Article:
Minnesota. Ohio. Oklahoma. Pennsylvania. These are among four states that have a good chance of legalizing recreational marijuana in 2023. If all of the political and societal dominos fall into place, they would join the other 29 states that have done so.
After enjoying a sales bump during the early stages of the pandemic, the US cannabis industry in 2022 showed signs of slowing down in the face of regulatory and economic challenges, including declining demand. As a result, legal cannabis markets across the country, particularly mature markets, are facing a supply glut that is driving down wholesale and retail prices.
This year, several federal legalization bills up for congressional debate will push for legislation aimed at ending the federal prohibition on cannabis. One of the more interesting items to keep an eye on is the Secure and Fair Enforcement (SAFE) Banking Actwhich if re-introduced in 2023 would provide protections to financial institutions and various other professional service firms doing business with state-legal cannabis businesses.
As the cannabis market continues to make its presence felt, it has captured the attention of the accounting profession. Insightful Accountant sat down with Kristin Kowalski, partner at The Bonadio Group‘s Tax practice, to get a feel for the market and its opportunities. Kristen has a decade of experience providing tax compliance, consulting and advisory services to multi-state corporations and flow-through clients in the manufacturing, technology and real estate industries.
Here additional areas of interest include inbound international organizations, tax credits, accounting for income taxes and transaction planning. Kristin is also a member of Bonadio’s cannabis and industrial hemp team.
Give us a snapshot of today’s cannabis market.
It’s a complex environment that varies widely from state to state. Here in NY, the legal market is just beginning to take shape; there were a lot of flowers grown this year by conditional cultivators and so far no retail outlets for it to be sold. Nationally, the industry is still waiting for the SAFE Banking Act to pass, which would alleviate the issues of securing banking and traditional financing. Overall, it’s a challenging, evolving, and exciting industry to be part of.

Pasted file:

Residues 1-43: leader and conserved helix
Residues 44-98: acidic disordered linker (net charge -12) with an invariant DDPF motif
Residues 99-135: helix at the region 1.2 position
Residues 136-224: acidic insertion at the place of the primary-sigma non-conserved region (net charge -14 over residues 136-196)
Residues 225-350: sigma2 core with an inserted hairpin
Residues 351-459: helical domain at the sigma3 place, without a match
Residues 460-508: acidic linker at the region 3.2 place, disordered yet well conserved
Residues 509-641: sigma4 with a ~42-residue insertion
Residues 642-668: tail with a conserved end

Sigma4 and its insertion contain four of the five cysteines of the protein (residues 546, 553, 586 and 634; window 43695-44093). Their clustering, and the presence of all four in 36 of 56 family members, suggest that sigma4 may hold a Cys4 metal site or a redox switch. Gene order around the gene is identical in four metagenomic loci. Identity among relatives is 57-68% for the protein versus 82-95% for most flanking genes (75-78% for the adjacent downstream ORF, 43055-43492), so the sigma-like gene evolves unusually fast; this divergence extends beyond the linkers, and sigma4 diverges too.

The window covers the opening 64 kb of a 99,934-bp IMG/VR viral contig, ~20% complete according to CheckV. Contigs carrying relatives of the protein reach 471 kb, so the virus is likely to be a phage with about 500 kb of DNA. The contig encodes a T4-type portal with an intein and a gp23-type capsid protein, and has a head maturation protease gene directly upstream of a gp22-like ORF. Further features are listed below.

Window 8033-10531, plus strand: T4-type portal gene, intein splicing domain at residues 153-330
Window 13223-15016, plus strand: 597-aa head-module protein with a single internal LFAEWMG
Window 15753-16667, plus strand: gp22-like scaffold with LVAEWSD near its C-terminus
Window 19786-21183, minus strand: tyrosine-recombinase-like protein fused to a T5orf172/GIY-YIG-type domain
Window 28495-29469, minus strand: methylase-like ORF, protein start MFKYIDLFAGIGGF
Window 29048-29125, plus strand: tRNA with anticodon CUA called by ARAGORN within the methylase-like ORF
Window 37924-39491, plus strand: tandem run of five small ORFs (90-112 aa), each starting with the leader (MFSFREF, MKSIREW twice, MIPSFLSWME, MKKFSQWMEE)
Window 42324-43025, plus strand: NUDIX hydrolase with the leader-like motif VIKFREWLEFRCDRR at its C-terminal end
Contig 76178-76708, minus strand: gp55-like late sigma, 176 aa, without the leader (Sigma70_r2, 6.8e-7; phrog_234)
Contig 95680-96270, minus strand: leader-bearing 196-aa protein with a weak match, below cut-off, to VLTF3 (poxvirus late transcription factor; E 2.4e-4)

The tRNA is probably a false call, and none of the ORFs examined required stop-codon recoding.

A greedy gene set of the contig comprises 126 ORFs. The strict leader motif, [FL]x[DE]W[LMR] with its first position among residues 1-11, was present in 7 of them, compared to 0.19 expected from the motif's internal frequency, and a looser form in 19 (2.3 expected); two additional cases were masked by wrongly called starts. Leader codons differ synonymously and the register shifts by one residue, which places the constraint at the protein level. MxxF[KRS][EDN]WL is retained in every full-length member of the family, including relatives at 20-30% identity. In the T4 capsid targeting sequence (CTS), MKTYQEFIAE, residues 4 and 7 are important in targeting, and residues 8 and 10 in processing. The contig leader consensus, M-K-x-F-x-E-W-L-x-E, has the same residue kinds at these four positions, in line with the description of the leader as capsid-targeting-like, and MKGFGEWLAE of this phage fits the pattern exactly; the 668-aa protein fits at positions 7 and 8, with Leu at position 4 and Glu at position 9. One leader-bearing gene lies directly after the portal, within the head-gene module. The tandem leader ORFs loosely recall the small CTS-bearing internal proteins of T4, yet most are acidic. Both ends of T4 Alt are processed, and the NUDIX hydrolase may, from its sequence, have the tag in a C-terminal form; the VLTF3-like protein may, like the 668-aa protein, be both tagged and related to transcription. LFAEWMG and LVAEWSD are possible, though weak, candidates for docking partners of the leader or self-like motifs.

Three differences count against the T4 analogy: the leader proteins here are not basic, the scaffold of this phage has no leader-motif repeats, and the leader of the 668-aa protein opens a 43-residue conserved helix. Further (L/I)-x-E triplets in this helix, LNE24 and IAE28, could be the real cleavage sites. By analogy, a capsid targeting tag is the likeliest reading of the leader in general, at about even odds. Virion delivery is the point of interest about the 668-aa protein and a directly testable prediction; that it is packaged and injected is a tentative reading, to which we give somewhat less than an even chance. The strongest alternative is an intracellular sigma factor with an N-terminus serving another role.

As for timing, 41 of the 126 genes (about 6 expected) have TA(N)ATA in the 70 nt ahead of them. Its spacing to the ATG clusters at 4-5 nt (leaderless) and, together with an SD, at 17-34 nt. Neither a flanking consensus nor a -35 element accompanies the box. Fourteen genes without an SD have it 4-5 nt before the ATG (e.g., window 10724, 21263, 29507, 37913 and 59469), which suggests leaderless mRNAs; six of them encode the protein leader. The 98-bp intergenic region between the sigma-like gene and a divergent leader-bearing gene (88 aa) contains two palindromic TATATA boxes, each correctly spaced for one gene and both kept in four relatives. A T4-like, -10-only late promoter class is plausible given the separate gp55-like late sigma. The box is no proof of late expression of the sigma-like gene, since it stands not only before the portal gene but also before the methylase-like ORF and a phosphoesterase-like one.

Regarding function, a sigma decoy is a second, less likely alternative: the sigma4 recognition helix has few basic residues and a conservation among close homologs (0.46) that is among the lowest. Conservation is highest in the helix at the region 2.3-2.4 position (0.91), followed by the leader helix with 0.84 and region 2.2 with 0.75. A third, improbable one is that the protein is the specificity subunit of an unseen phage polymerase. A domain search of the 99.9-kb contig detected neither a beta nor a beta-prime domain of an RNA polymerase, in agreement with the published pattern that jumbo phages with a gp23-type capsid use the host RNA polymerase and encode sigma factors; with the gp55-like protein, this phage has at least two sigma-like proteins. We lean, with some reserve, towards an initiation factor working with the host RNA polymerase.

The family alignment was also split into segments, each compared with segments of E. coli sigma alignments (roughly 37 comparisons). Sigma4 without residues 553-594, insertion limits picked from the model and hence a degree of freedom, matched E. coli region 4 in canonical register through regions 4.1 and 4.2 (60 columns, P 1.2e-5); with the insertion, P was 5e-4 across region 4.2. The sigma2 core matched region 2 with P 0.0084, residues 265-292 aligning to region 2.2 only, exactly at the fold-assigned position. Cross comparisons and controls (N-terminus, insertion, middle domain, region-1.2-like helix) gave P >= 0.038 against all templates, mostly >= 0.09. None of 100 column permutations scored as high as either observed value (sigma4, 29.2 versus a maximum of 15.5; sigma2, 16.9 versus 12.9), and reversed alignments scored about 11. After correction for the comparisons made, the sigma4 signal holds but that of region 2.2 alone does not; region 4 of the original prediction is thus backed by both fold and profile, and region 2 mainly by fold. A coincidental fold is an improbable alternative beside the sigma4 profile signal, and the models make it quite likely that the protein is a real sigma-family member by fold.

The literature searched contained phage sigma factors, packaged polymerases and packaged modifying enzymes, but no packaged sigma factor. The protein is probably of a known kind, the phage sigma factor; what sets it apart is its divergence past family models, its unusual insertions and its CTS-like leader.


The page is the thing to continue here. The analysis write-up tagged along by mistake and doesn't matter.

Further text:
What are the most important things cannabis businesses need to worry about as it relates to tax issues?
Because cannabis is listed as a controlled substance and is illegal for federal purposes, cannabis operators are subject to IRC Section 280E, which is the section that prohibits deductions and credits for businesses that traffic controlled substances. Because of 280E, the only reduction to taxable income is through the cost of goods sold and costs that are permitted to be capitalized to inventory under IRC Sec. 471. The effective tax rate is extraordinarily high as a result and the tax liability can sink a business without proper planning.
What makes this market so different from other retail businesses?
Because of the federal legal status there is no interstate commerce with cannabis. The market conditions and prices are different within each state depending on the supply and demand. Additionally, cannabis businesses are faced with more regulatory oversight and higher costs for everything (insurance, security, taxes, legal fees, etc.). But, there are similarities too, and like other retail categories it’s highly competitive and branding and customer experience are key.
What are the areas cannabis operators must navigate carefully and how can having the right accountant help?
Accounting for inventory costs can be tricky, and if done incorrectly (or too aggressively) can lead to crippling tax assessments and penalties later on. The right accounting partner can also help with things like managing the cash position of the business, tax planning, and helping the owners/stakeholders/investors understand the financial health of the organization.
What are the best ways for accounting professionals to approach adding cannabis businesses to their client lists?
First, contact your professional liability insurance carrier. Second, learn as much as you can about the industry in your state and the relevant accounting and tax issues. From there, work on growing your network—things like attending cannabis industry events and leveraging existing client and attorney relationships.
Why should cannabis operators outsource their bookkeeping?
What’s the pitch for accounting professionals? There are many reasons, but the best (in my opinion) is that outsourcing frees up the owner/operator to focus on running the business and handling the extra challenges of the industry. Along with being cost effective compared to hiring a controller or on-staff bookkeeper, there is peace of mind that comes with having an accountant with cannabis experience and knowing documentation and records are in place for regulatory reporting and the inevitable audits.
Can you share an anecdote of a business that you helped?
Earlier this year we worked with a new company that is preparing to apply for a retail license. We contributed by reviewing their financial forecast part of their business plan and helped them to understand their expected tax position resulting from Section 280E (federal, state and NYC) and their choice of operating entity. We’re looking forward to seeing them get their license and open their store, hopefully in 2023.
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